ID’s novel aspect rests in its refusal to officially posit just who this designing agent is or what he/she/it is like—or conversely, its stress upon the point that an inference from nature to a designer does not in itself imply any particular idea of the character of that designer. I remember many years ago reading David Hume’s argument to this effect and laughing out loud: The simple inference of a designing agency does not get us to the God of Christianity; there could be a bungling designer, upset and embarassed with we, his imperfect, earthly first attempt, or perhaps a concert of twelve designers who hate and compete with each other. (As we shall see, however, ID theorists do believe in the God of Christianity and conceive the ID movement as a way of pushing this view.)

Dawkins stresses the rejoinder that the ID “hypothesis” never ultimately explains anything because the designer itself requires its own, similar explanation. This argument I take to be decisive: If all complex entities require a designer to account for their existence, then what of the designer him/her/itself—who must be at least as complex as the entities it so cleverly crafts? Either we have an “actual infinite” regress—which is probably impossible—of designers, each one invoked to explain the one before it; or the ID theorist must accept that the Designer’s existence somehow requires no special explanation. (Thus that not all complex entities must be designed.) But if that complex entity is permitted to stand on its own, logically speaking, then why not the whole complex world (or biological entities within it) itself? Why should that need a special explanation but not God?—How better then to obey Occam’s razor and minimize our explanatory variables.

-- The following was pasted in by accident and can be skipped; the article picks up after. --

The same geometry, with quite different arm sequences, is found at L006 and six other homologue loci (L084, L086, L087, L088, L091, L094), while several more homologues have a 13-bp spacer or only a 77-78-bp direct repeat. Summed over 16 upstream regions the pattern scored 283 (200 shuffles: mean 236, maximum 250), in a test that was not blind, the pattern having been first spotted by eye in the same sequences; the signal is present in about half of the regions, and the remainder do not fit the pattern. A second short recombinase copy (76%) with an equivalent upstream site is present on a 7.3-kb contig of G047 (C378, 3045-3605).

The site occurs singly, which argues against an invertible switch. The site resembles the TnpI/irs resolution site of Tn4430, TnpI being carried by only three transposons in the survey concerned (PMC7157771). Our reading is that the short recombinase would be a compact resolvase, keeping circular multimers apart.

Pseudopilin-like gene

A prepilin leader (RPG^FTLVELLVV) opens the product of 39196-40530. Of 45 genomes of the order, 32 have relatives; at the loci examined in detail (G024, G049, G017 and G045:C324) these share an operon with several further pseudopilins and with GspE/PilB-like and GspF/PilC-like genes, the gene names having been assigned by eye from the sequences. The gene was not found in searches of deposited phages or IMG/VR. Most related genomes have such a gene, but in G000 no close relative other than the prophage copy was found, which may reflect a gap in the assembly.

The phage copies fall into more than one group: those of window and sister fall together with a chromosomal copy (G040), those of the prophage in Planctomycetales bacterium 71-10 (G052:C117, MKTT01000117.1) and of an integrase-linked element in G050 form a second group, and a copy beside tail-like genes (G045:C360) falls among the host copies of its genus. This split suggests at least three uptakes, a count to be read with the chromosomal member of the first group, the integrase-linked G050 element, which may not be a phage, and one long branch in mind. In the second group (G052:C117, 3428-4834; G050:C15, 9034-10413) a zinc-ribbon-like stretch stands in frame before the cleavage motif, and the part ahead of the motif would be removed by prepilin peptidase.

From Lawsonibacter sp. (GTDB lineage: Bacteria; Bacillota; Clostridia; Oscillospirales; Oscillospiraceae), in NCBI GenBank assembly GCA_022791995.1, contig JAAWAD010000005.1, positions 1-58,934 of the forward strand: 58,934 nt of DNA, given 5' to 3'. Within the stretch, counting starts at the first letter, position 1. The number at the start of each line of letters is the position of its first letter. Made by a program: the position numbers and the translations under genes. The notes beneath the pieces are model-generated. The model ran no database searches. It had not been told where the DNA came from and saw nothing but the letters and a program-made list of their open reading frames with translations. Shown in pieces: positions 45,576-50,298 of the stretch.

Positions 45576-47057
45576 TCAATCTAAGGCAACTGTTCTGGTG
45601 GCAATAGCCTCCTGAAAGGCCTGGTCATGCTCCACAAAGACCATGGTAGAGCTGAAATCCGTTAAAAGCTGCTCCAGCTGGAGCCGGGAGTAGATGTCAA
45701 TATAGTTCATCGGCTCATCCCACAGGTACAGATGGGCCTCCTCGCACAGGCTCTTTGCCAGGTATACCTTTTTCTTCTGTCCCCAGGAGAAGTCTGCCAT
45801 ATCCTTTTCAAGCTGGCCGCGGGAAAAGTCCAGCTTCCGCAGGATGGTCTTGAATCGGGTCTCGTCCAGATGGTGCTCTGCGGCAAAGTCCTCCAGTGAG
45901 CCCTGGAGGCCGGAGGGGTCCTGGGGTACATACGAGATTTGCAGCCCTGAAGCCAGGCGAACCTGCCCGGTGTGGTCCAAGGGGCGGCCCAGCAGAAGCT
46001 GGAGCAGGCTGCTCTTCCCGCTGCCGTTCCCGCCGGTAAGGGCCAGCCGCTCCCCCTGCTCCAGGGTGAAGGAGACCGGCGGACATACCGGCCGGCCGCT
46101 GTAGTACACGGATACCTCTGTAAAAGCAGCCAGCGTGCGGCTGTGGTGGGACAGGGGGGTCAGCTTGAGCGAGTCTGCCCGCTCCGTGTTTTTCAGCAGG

Here is a paper I wrote for a philosophy of science class which treats the ID hypothesis in, I think, its strongest and most interesting form. Seeing the above weakness of the concept of “complexity,” some ID theorists have replaced it in their arguments with the qualified “irreducible complexity.” An “irreducibly complex” system might have five “parts” that work together so neatly that removing any one of them would render the whole system non-functional. The implication is that a Darwinian explanation—whereby an initial, simple entity evolves by accretion to have the second part, then the third, later the forth, and so on—is inapplicable to such a system. Nothing less than the “whole” combination of “parts” could operate (i.e., survive)—thus, nature could not have selected for the “parts” individually. And since the whole interlocking system could not have sprung into random existence fully-formed, the designer, again, must be called up to account for it.